Modelling Legacy Nitrogen Dynamics in the Transboundary Lake Erie Watershed
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Lake Erie is a source of drinking water, recreation, and commercial opportunity for both the United States and Canada, making the protection of its water quality essential. In the past decades, Lake Erie's ecosystems have been adversely impacted by recurring toxic algal blooms. These algal blooms are attributed to nitrogen (N) and phosphorus pollution from agricultural runoff. Despite recent efforts to reduce N application in the Lake Erie basin, high levels of N concentration persist in surface and groundwater systems. One of the reasons for this apparent stasis in N concentrations is legacy stores of N in landscapes that contribute to lag times in water quality response, even after inputs have ceased. Legacy N is stored in the soil and slow-moving groundwater and makes up a large portion of current N contamination. Here, we aim to quantify N legacies across the entire Lake Erie basin to predict time lags in water quality improvements in surface and groundwater. We use a process-based model, ELEMeNT, to quantify legacy N stores and watershed-scale N dynamics over the past century across the basin. Such models inform nutrient management practices across the Lake Erie basin by explicitly incorporating legacy dynamics. Our study shows that N surplus (the difference between N inputs and non-hydrological N outputs) has been rising across most Lake Erie sub-watersheds since 1950 and has only started to plateau or decrease around 2000. Agricultural inputs from manure, fertilizer, and biological fixation were the lead contributors to N surplus in agricultural sub-watersheds, and domestic N was the lead N contributor in urban sub-watersheds. Since 1950, between 4% and 44% of N has been stored as legacy N (23% median). On average, 92% of this N legacy is retained in the soil and 8% is in the groundwater. Through correlation analysis, we have found that higher fractions of groundwater N and SON legacy accumulation are correlated with slower travel times and lower tile drainage, while wastewater denitrification emerged as the dominant component in urban sub-watersheds. These results provide insight into drivers of legacy N and N release in sub-watersheds, which could aid in targeted nutrient management across the watershed.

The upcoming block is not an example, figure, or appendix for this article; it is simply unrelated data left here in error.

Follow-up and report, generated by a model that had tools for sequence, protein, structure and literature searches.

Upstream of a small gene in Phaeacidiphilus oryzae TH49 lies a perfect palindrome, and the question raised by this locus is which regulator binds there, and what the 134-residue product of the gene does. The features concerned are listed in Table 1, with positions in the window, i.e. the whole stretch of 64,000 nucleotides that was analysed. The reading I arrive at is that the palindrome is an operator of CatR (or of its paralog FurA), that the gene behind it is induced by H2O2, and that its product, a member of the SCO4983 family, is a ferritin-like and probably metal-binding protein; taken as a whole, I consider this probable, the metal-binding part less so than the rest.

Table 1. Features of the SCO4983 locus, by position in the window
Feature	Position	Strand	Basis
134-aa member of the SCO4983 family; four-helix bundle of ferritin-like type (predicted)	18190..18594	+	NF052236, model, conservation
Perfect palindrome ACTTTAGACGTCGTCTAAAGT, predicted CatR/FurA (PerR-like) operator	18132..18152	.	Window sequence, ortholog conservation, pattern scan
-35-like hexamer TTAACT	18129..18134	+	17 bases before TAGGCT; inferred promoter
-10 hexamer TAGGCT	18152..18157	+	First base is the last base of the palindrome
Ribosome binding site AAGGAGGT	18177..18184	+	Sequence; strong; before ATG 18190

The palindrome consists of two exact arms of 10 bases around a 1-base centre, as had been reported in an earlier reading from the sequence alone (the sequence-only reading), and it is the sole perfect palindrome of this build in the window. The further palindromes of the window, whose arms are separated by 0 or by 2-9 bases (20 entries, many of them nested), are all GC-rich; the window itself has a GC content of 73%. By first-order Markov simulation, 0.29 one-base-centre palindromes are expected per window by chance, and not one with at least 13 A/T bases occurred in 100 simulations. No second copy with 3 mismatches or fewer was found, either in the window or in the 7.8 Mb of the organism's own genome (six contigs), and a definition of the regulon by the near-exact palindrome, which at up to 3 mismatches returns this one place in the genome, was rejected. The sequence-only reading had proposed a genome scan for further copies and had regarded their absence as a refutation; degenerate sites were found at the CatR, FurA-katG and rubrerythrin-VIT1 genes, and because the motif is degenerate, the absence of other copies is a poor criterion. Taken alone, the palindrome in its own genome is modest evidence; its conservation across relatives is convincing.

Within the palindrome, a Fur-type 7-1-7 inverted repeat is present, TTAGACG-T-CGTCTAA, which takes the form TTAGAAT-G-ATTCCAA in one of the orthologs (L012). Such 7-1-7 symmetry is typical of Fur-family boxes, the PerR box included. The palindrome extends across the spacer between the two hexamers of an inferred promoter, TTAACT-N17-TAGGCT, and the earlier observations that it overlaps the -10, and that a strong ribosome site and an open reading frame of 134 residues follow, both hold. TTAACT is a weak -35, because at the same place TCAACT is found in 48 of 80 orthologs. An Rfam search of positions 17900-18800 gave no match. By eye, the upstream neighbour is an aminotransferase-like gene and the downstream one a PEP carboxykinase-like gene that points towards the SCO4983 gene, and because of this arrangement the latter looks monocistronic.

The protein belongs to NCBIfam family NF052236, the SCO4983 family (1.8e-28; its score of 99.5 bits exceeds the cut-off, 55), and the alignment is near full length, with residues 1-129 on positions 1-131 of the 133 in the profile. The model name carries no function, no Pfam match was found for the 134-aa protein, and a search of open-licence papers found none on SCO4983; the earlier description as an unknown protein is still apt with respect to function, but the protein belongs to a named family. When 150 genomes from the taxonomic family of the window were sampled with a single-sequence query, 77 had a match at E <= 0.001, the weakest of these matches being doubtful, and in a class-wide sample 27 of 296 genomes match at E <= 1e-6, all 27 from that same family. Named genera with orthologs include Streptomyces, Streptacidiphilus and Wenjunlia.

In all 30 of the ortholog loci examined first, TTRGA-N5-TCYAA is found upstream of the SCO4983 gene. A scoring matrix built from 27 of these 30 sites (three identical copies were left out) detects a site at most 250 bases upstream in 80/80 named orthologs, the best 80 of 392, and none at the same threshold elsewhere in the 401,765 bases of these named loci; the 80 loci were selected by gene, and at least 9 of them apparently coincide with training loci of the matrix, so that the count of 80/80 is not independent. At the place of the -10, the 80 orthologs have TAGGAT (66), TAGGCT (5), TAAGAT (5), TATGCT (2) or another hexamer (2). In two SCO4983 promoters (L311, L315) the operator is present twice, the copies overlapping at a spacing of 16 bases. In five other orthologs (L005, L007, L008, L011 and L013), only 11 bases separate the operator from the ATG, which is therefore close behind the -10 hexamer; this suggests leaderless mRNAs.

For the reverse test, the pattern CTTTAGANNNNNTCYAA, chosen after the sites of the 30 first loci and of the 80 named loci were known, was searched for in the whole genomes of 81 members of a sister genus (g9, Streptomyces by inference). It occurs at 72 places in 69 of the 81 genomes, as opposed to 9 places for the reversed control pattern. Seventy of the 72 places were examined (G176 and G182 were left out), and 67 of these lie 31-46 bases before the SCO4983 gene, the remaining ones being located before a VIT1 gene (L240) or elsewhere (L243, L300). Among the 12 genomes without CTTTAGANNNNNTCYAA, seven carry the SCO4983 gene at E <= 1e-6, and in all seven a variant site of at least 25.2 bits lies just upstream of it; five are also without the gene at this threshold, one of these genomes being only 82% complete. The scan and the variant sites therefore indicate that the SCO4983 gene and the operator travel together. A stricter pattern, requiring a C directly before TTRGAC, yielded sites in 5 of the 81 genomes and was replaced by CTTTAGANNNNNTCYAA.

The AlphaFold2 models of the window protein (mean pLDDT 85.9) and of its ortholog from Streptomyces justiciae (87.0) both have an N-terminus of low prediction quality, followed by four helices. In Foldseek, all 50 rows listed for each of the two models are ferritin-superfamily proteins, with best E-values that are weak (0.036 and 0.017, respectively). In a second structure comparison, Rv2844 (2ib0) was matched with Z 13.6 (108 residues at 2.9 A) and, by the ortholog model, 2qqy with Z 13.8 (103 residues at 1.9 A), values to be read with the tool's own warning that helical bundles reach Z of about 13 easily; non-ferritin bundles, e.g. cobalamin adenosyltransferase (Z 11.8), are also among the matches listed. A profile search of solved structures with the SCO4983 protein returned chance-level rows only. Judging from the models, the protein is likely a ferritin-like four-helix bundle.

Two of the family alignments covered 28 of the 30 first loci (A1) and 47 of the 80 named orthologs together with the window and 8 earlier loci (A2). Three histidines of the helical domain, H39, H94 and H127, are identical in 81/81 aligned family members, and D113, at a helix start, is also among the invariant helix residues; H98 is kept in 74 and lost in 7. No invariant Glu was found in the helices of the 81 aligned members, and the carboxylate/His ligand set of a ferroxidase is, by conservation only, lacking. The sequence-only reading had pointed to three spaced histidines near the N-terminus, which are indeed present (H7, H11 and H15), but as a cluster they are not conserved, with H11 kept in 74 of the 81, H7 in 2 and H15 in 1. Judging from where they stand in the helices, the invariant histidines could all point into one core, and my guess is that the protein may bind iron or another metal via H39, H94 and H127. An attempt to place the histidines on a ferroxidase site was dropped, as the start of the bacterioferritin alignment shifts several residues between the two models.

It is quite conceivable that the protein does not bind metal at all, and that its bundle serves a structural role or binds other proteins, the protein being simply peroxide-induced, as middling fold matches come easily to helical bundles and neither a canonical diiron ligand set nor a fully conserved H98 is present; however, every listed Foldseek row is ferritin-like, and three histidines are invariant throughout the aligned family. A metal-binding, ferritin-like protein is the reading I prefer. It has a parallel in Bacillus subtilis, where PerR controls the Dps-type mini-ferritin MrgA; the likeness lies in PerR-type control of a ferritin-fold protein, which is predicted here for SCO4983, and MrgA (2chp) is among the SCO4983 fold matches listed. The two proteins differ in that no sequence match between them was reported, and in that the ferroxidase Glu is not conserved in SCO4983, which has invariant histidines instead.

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Meghan McLeod, Danyka Kimberly Byrnes, Lamisa Malik, Kim Van Meter, Nandita Basu (2023). Modelling Legacy Nitrogen Dynamics in the Transboundary Lake Erie Watershed. UWSpace. http://hdl.handle.net/10012/19551